Bottom Line: Despite of all its benefits, however, there are still problems remaining for large-scaled multicellular gene circuits, for example, how to reliably design and distribute the circuits in microbial consortia with limited number of well-behaved genetic modules and wiring quorum-sensing molecules.The construction and characterization of logic operators is independent of "wiring" and provides predictive information for fine-tuning.This formalized design process provides guidance for the design of microbial consortia that perform distributed biological computation.

View Article: PubMed Central - PubMed

Affiliation: Peking University Team for the International Genetically Engineered Machine Competition (iGEM), Peking University, Beijing, China.

ABSTRACT
The concept of microbial consortia is of great attractiveness in synthetic biology. Despite of all its benefits, however, there are still problems remaining for large-scaled multicellular gene circuits, for example, how to reliably design and distribute the circuits in microbial consortia with limited number of well-behaved genetic modules and wiring quorum-sensing molecules. To manage such problem, here we propose a formalized design process: (i) determine the basic logic units (AND, OR and NOT gates) based on mathematical and biological considerations; (ii) establish rules to search and distribute simplest logic design; (iii) assemble assigned basic logic units in each logic operating cell; and (iv) fine-tune the circuiting interface between logic operators. We in silico analyzed gene circuits with inputs ranging from two to four, comparing our method with the pre-existing ones. Results showed that this formalized design process is more feasible concerning numbers of cells required. Furthermore, as a proof of principle, an Escherichia coli consortium that performs XOR function, a typical complex computing operation, was designed. The construction and characterization of logic operators is independent of "wiring" and provides predictive information for fine-tuning. This formalized design process provides guidance for the design of microbial consortia that perform distributed biological computation.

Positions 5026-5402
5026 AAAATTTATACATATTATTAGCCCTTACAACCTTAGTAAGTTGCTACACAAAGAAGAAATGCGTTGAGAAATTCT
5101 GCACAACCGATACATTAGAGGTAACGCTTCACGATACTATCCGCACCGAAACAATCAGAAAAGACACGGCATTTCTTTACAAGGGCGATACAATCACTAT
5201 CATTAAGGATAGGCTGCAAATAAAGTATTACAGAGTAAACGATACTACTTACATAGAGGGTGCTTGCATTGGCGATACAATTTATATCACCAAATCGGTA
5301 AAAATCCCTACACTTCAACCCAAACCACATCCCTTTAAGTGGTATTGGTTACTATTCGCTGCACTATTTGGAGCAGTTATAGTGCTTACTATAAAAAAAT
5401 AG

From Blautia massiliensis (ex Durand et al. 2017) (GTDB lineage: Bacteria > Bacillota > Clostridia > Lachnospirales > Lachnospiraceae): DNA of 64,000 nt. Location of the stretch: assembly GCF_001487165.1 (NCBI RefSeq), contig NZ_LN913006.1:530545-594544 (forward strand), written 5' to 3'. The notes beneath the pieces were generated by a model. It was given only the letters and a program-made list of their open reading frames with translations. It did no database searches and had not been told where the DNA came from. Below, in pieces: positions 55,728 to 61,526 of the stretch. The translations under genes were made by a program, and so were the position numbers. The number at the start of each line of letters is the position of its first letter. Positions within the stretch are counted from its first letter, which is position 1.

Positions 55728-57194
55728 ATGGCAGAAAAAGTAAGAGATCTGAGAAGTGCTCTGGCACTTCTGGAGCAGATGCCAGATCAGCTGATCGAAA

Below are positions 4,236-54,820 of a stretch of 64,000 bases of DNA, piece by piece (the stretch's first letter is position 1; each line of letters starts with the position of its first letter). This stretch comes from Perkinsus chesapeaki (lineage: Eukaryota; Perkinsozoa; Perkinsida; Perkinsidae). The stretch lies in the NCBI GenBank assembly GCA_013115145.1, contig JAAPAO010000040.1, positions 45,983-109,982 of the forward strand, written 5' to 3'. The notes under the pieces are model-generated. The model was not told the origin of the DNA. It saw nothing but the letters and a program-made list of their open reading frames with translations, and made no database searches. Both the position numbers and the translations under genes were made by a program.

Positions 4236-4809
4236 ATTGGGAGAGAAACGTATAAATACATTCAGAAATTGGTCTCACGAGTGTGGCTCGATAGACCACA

Show MeSH
Related in: MedlinePlus